I don’t foresee anyone making a funnier three-hour film about the stock market than Martin Scorsese’s THE WOLF OF WALL STREET. In all fairness, to claim that the whip-paced, sublimely irreverent film is actually about the stock market would be like describing THE SHINING as a movie about hotel maintenance. Wall Street is merely the stage - the geographic center of a metastasizing empire built from money, drugs, women, and drugs.
Primarily money… but also mostly drugs.
Adapted by Boardwalk Empire showrunner Terence Winter from two memoirs by disgraced stockbroker Jordan Belfort, WOLF chronicles Belfort’s (Leonardo DiCaprio) meteoric rise and subsequent meteoric plummet from New York’s Wall Street, where he used small potato penny stocks and a motley crew of petty criminals to cheat his way to the top.
Beginning with Belfort’s first snort of cocaine, courtesy of veteran broker Mark Hanna (Matthew McConaughy) (whose other stock trading advice includes chronic masturbation and the liberal application of vodka martinis), the film is also a testament to Belfort’s self-admitted drug addiction, and to the hedonistic alchemy that occurs when a bottomless wallet meets an infinite pharmacy.
And who better to portray the dashing, voracious Belfort than regular Scorsese collaborator Leonardo DiCaprio? Daily skirmishes with bombshell wife Naomi (Australian-born Margot Robbie), soapboxing motivational speeches on the trading floor, caustic banter with FBI agent Patrick Denham (Kyle Chandler): these are all scenes to which we know Leo is perfectly suited. And he doesn’t disappoint.
Where he downright excels, though, is during innumerable bits of gonzo physical comedy. Supported by Jonah Hill, who plays Belfort’s WASPish, dumpy business partner, DiCaprio writhes, punches and tumbles his way through a cavalcade of Quaalude binges, coke highs and good ol’ fashioned alcoholic benders, stopping for just long enough to molest a stewardess or huck a Velcro-swaddled dwarf at an oversized target.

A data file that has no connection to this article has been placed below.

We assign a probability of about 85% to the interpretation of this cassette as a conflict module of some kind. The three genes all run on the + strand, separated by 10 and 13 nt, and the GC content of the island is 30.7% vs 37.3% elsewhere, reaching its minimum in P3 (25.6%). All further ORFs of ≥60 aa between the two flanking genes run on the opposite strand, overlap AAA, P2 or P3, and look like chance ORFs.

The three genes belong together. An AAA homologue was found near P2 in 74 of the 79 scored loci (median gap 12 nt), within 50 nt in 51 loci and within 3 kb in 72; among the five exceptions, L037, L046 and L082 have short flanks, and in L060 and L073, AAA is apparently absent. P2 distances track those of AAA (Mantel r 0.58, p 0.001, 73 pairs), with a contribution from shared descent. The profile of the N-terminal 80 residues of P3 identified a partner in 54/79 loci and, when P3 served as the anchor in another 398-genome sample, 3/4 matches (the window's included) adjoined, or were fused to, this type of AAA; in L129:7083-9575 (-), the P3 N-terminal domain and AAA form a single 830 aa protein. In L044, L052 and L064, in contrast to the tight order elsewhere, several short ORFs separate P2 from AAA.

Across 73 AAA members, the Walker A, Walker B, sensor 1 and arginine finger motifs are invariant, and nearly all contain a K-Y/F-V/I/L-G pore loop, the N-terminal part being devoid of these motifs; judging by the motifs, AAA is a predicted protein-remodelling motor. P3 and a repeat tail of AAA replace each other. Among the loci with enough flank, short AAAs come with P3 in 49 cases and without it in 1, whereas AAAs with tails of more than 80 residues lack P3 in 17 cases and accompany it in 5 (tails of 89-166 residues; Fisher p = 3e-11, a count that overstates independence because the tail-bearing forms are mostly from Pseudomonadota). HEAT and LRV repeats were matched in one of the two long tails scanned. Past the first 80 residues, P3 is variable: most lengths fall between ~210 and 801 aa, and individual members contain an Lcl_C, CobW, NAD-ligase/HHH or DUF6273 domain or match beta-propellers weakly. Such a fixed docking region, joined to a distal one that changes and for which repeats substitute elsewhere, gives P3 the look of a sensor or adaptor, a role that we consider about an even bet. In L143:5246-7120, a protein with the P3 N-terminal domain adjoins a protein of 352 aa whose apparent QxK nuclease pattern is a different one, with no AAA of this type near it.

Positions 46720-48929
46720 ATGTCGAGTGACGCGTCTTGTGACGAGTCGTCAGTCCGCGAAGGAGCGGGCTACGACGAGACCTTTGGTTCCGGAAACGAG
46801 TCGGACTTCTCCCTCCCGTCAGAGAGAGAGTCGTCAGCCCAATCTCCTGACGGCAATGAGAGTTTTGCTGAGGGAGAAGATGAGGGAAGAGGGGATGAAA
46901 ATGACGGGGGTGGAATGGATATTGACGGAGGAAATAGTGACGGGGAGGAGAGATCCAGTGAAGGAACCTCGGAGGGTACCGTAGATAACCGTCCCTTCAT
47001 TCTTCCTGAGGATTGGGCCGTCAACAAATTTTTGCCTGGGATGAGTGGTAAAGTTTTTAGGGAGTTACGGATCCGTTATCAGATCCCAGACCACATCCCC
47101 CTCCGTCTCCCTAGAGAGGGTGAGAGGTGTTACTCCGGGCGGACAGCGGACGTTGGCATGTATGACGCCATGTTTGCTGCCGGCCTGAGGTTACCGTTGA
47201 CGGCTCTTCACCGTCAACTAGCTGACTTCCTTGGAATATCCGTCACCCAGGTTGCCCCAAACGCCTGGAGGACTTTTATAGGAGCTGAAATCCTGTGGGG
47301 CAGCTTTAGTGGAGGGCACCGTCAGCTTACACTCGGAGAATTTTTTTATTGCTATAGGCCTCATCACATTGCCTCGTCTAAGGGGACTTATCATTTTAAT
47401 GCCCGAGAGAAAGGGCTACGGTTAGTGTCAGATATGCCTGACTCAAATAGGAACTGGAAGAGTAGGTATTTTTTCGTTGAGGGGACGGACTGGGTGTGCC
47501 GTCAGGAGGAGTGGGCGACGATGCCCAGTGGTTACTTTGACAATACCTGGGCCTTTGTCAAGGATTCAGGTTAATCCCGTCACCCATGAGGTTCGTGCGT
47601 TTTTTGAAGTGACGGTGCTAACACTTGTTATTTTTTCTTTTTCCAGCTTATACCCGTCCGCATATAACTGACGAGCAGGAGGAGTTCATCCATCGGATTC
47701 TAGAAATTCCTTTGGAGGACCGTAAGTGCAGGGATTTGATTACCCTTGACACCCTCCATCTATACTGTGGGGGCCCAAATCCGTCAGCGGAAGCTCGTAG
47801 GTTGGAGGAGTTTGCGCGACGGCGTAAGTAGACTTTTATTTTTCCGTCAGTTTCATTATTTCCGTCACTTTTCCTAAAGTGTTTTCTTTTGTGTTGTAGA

DiCaprio’s most active off-screen accomplice in WOLF’s dazzling showcase of Libertine shenanigans is Scorsese himself, who employs many of his usual techniques – voiceover, non-linear chronology, innumerable music cues and an oft-moving camera – to exaggerated effect, giving the film a gloriously loopy, carnivalesque feel. Likewise, he knows exactly when to slow things down for a character beat, when to momentarily halt a caper with a nugget of dramatic resonance. The whole piece is a thrilling tonal balancing act that only stumbles in the necessarily serious final half hour (the first time I felt even remotely conscious of the film’s sturdy runtime).
It seems impossible not to compare WOLF to both GOODFELLAS and CASINO as all three are epically lengthy ensemble cast films dissecting the experiences of organized men strong-arming their way through the backdoor of the American dream. Understandably inferior to GOODFELLAS and better than CASINO (which I still think is totally underrated, but whatever), WOLF is equally striking in its differences.
In Scorsese’s mob pictures, the mafia is an exclusive group that has an explicit set of values dictating the way it treats its members, its allies and its enemies. Sons and daughters are born into membership, and a fierce loyalty to its kith and kin is a foregone conclusion. Conversely, THE WOLF OF WALL STREET portrays the stock market as a world populated through the democratization of greed, with Belfort’s firm acting like a demented Ellis Island for everyday strivers desperate to forge new lives through sheer force of greed – the tired, the hungry, the amoral. Balfort’s universe doesn’t value birthrights - only the wanton money-hunger of the individual. Loyalty is the ultimate weakness.
Really, it’s an age-old indictment of not just American culture, but humanity as a whole. In a more self-serious movie, it might feel pedantic. The brilliance of THE WOLF OF WALL STREET is that it knows we know greed. And it knows we’ve already seen every avaricious Wall Street cliché in films like BOILER ROOM and, well, WALL STREET. But while other movies make a maudlin plea for societal introspection by dwelling on how the stock market can prey on the worst and most pathetic aspects of human nature, THE WOLF OF WALL STREET is content to resolve that nature is just that: natural. And sometimes what comes natural is so ruthless and ugly, all you can do is sit back and laugh. (3 ½ out of 4 stars)